Devices made of molecular components would be much smaller than those made by existing
silicon technologies. Molecular electronic devices could operate as logic switches through
chemical means, using synthesized organic compounds. These devices can be assembled
chemically in large numbers and organized to form a computer. The main advantage of this
approach is significantly lower power consumption by individual devices. DNA computing‟, the
similarities between mathematical operations and biological reactions are used to perform
calculations.
1   Micro/nanofabrication and nanotechnology applications
Microelectronic array devices can be used to carry out combinatorial selection processes. Such
processes could be used for creating higher order mechanisms and for the directed self-assembly
of molecular, nanoscale and microscale components into more complex structures. Electric
field-assisted self assembly using active microelectronic arrays is being investigated as a “Pick
and Place Heterogeneous Integration” process for fabrication of two- and three-dimensional
devices and structures within defined perimeters of larger silicon or semiconductor structures.
 Fig: Heterogeneous integration process for micro/nanofabrication applications.
2       Security
Emerging nanotechnologies are expected to play a critical role in helping to maintain national
security. They include new and powerful biodetection schemes that can analyze a potential
bioterrorism threat at the point-of-care, materials that can detoxify an area or human exposed to a
set of toxins, and novel ways of encoding structures that can be used to secure computer systems.
3       Sensors
Protection from military and weapons threats depends on the ability to detect, respond, and
control biological and chemical threats before they can harm the body. Nanosensors ability to
detect at the molecular or even atomic level is critical. While in the realm of medicine,
biosensors can detect the onset of disease; in the area of national security, they could be used to
detect radioactive materials or toxins like anthrax.
4       Communication
Computers and networks are the foundation of major sectors of our economy like our financial
institutions and electric power sectors.
Researchers working in the areas of nanoelectronics and nanocomputing hope to integrate
transistor-like nanoscale devices into system architecture, to provide substantial advantages over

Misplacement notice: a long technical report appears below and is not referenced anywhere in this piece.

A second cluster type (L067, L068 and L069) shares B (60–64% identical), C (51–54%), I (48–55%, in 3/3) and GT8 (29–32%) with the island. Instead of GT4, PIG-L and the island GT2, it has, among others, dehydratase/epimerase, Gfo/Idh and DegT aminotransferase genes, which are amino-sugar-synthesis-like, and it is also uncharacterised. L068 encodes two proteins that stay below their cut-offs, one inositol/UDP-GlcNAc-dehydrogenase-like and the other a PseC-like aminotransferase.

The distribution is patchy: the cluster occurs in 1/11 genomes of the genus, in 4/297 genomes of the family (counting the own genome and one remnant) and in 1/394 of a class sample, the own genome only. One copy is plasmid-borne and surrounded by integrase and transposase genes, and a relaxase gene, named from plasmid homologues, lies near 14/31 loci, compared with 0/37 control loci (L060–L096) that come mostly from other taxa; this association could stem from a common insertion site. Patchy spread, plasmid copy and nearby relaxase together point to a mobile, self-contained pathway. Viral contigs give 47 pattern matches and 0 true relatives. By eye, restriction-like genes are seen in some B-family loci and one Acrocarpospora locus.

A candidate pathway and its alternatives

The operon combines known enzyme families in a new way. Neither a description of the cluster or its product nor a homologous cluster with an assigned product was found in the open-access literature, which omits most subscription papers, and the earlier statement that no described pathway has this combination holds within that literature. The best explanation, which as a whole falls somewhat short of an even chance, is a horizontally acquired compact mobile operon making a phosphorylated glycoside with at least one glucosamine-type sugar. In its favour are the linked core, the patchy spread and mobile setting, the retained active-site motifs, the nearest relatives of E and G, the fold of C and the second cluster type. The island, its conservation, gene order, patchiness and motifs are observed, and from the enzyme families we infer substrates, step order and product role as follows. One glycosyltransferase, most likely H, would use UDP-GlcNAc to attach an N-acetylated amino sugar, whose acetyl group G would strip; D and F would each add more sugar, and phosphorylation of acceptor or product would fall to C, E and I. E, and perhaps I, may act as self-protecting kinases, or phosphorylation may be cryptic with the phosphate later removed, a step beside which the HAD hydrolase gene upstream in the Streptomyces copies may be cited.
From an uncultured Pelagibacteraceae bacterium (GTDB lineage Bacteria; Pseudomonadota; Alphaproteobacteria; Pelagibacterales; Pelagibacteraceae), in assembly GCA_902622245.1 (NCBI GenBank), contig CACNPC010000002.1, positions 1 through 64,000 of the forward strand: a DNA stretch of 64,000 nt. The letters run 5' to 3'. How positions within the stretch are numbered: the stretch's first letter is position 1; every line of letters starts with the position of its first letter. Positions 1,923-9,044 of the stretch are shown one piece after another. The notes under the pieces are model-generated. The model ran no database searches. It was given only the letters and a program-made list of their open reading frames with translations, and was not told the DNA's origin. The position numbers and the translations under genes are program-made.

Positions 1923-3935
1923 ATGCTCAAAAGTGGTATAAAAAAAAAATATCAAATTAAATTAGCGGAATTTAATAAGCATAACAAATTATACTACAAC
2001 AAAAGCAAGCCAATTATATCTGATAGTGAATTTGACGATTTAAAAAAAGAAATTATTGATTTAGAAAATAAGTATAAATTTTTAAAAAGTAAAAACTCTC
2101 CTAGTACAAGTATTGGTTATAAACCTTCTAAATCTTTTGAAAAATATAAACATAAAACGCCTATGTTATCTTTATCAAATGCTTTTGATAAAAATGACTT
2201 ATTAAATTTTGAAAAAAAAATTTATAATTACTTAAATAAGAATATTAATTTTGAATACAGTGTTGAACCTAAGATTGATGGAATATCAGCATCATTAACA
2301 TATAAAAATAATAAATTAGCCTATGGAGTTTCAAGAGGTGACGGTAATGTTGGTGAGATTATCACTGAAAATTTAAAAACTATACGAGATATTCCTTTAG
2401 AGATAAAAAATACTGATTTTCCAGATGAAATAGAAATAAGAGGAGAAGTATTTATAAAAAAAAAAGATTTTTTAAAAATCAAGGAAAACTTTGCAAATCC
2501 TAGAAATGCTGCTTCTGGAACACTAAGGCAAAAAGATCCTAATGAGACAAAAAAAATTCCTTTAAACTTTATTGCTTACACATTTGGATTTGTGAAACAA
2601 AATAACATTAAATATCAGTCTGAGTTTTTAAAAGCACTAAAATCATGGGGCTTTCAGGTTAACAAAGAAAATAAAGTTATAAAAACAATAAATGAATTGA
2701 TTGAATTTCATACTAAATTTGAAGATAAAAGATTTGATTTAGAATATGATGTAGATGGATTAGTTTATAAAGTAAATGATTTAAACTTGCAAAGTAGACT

current technologies. They are also working on the creation of powerful “grid protocols” that
could make the world wide web obsolete, and something called quantum cryptography that could
provide the type of electronic security systems that are impossible to crack.
5   Renewable Energy:
Nanotechnology is offering a range of new opportunities. For example, nanotech researchers are
working on the development of a solar panel/fuel cell combination. The idea behind the
technology is that when the solar panel is producing energy, the fuel cell is running in reverse to
collect excess energy, convert it to hydrogen, and store it. When the sun goes down and the solar
panel is no longer producing energy, the fuel cell will run forward and produce energy from the
hydrogen it has stored.


6     Nanaotechnology In Space
Regarding the miniaturization of complete space systems at present, so called Nano-satellites
 (m< 10 kg) and even Pico-satellite (m< 1 kg) were examined.
a. Improved communication             performance
b. Instruments and sensors breakthroughs
c. Innovative components and materials
d. a significant reduction of mass, energy consumption and costs of the instruments
e. improved detection methods in particular from geostationary orbit in the optical and
      microwave frequency range.
f.    improved data communication and on-board data handling,
g. increased system-intelligence(on-board autonomy, intelligent fault recognition and
      correction, etc.)
h. remote controlled/ tele-present operations. The telecommunication sector will take the largest
      portion of the commercial sector with satellite-based broadband multimedia services and
      mobile communication applications, followed by satellite navigation and positioning and
      earth observation.


10.     SOCIETAL IMPACT OF NANOTECHNOLOGY
Nanotechnology is not a product like a microchip or an automobile. It is a process that harnesses
the unique properties of materials at the 1-100 nanometer scale to develop new products.
Nanotechnology has the potential to profoundly impact our lives in a similar fashion as the
implementation of the moving assembly line by Henry Ford in 1908. It was Ford‟s streamlined
manufacturing process that dramatically lowered the price of production and made automobiles
affordable for most Americans. These manufacturing processes were implemented across the
country and helped to fuel the industrial revolution. Many feel that nanotechnology will have an
impact of this magnitude.


11.     BIBLIOGRAPHY
Books:
Nanotechnology challenges-by Joachim Schummer, Davis Barid
Nanotalk - by Rosalyn W. Berne
Nanotech- Jack Dann
Introduction to the next bog idea by- Mark A. Ratner, Daniel Ratner
Chinmay Damley (Ph.d Nanotechnology) NCL Ltd.

Links:

1     www.aleph.se/Trans/Tech/Nanotech/

2     www.silva.ucsd.edu/Introduction%20to%20nanotechnology%20and%20its%
20applications%20to%20medicine.pdf

3     www.ics.trieste.it/Documents/Downloads/df1340.pdf

4        www.nanotech-now.com/

5     science.howstuffworks.com/nanotechnology